Bundesbank responds in its motion papers that the conduct of which Fagan complains does not, in fact, fall within one of the statutory exceptions to the FSIA's general grant of immunity from suit in American courts, and thus subject matter jurisdiction is lacking. I agree with Bundesbank, for the following reasons.
Fagan's claim in this action is essentially one for defamation, a tort. Subsection 1605(a)(5), cited to by Fagan, provides a tort exception to sovereign immunity under the FSIA.
By its very terms, however, that exception is inapplicable to the tort of defamation: subsection 1605(a)(5)(B) states that the exception does not apply to "any claim arising out of malicious prosecution, abuse of process, libel, slander, misrepresentation, deceit, or interference with contract rights" (emphasis added). Some courts have held that this "exception to the exception" applies to § 1605(a)(2) as well, so that no defamation claims could be maintained against a foreign sovereign even under the that subsection of the FSIA. Indeed, Chief Judge Mukasey of this Court reached that conclusion in his thoughtful opinion in Bryks v. Canadian Broadcasting Corp., 906 F. Supp. 204 (S.D.N.Y. 1995), where he wrote:
I find it anomalous to read the FSIA to permit defamation claims under the commercial activity exception. First, it seems odd that Congress would go to the trouble of specifically excluding defamation claims from the FSIA's abrogation of immunity in one part of the statute, yet would implicitly permit such claims elsewhere in the statute . . . . Second, the nature of the torts listed in the "exception to the exception" makes it hard to infer that Congress intended that provision to apply only to noncommercial activity, as it would if plaintiff's reading of the statute were correct. [For example,] [i]t is difficult to conceive of a claim for "interference with contract rights" that does not involve commercial activity . . . . Third, to allow the assertion of defamation claims under Section 1605(a)(2) would create an incongruity between foreign sovereign immunity and the sovereign immunity of the United States . . . . It seems "unlikely that Congress wished to create a double standard under which foreign sovereigns could be sued in United States courts on tort claims, such as libel, for which the United States Government itself is immune."
Bryks, 906 F. Supp. at 209 (quoting Gregorian v. Izvestia, 658 F. Supp. 1224, 1233-34 (C.D. Cal.1987), aff'd, 871 F.2d 1515, 1522 n.4 (9th Cir.1989)), quoted in Leutwyler, 184 F. Supp. 2d at 294.*fn12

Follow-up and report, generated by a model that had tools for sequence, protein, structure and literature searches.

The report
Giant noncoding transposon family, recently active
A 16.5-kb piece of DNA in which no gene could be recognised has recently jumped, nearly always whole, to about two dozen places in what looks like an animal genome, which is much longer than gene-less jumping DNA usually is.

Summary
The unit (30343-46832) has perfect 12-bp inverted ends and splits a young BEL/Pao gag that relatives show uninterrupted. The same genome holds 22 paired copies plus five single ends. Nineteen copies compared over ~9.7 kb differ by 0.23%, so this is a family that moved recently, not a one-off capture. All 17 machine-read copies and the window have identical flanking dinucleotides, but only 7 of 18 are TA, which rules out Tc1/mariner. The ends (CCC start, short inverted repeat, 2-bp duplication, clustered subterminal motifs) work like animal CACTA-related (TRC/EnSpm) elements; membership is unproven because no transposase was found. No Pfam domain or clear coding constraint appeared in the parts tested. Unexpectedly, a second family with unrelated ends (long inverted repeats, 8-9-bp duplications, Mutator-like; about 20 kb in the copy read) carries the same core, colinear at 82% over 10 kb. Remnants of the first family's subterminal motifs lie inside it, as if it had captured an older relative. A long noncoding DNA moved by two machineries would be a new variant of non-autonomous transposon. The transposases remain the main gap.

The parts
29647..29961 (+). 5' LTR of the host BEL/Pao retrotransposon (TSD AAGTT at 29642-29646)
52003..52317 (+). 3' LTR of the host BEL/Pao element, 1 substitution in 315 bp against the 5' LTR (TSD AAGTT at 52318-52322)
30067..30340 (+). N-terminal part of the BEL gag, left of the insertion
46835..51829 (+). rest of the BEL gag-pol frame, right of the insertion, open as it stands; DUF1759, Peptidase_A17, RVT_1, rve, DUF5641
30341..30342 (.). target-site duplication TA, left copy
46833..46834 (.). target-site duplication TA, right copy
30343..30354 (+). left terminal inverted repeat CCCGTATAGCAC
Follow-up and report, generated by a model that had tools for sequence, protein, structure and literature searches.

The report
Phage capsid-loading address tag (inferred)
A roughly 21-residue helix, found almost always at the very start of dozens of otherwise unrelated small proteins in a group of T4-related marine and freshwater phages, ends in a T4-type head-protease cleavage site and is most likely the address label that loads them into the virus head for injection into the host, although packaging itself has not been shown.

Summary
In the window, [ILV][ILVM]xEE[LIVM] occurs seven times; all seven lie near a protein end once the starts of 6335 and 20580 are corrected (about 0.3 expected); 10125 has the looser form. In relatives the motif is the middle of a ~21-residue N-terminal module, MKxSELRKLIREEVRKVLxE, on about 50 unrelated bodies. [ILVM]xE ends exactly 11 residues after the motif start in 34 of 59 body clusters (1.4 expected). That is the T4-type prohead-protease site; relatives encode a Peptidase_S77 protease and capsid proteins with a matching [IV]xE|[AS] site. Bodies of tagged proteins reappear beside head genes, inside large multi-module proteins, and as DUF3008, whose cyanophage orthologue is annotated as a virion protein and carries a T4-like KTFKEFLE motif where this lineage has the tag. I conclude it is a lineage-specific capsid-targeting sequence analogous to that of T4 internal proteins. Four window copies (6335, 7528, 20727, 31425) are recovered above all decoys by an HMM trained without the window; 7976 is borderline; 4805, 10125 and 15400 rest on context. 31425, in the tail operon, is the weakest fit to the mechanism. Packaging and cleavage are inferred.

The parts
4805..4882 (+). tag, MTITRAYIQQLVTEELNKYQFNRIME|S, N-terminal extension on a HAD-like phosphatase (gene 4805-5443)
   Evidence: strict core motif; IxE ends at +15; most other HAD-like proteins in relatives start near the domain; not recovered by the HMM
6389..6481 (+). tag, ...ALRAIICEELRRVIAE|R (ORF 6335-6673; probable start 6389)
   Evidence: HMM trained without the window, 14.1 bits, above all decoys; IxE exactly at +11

I find, as did Judge Lynch in Leutwyler, that this reasoning, while persuasive, is "difficult to square with the literal language of FSIA." Leutwyler, 184 F. Supp. 2d at 294. The tort exception embodied in § 1605(a)(5) provides that it applies to tort actions "not otherwise encompassed in paragraph (2) [the commercial exception]." This language is reasonably read to mean that subsections 1605(a)(2) and (5) are mutually exclusive, such that the limitation on tort suits (from § 1605(a)(5)(B)) would not be applicable to those tort suits able to "fit" within the § 1605(a)(2) commercial exception. Most likely due to this "not otherwise encompassed" language, Judge Mukasey's position is the minority position amongst the courts that have addressed this particular issue, with the majority of courts limiting the applicability of the "exception to the exception" to non-economic torts under § 1605(a)(5). Id. (collecting cases). It is not necessary, however, for me to choose one position over the other*fn13 because I hold that, even if the § 1605(a)(2) commercial exception is available for certain economic torts, it does not apply to Fagan's cause of action.
The commercial exception to FSIA's grant of sovereign immunity applies in cases in which the action is based upon a commercial activity carried on in the United States by the foreign state; or upon an act performed in the United States in connection with a commercial activity of the foreign state elsewhere; or upon an act outside the territory of the United States in connection with a commercial activity of the foreign state elsewhere and that act causes a direct effect in the United States.
28 U.S.C. § 1605(a)(2).
As mentioned, the Leutwyler case is instructive on this matter. Like the case at bar, Leutwyler also involved, inter alia, a defamation claim, brought by a New York-based photographer against members of the court of the royal family of Jordan, who had invited Leutwyler to Jordan to photograph its members. When certain of the photographs were published in American magazines and news sources, apparently without permission from the royal family, employees of an official of the Royal Court of Jordan*fn14 allegedly defamed Leutwyler by informing the publishers and news agencies that Leutwyler had stolen or otherwise wrongly appropriated the usage rights to the photographs. Id. at 283-85. Judge Lynch found that the underlying conduct, such as the agreement to travel to Jordan and photograph the royal family, was sufficiently commercial in nature, but the claim for defamation did not have the requisite nexus to the commercial activity. Id. at 293-95.*fn15 The judge stated "[t]he fact that the allegedly defamatory statements referred to photographs that had been the subject of a commercial contract does not give the defamation a 'commercial' character." Id. at 295.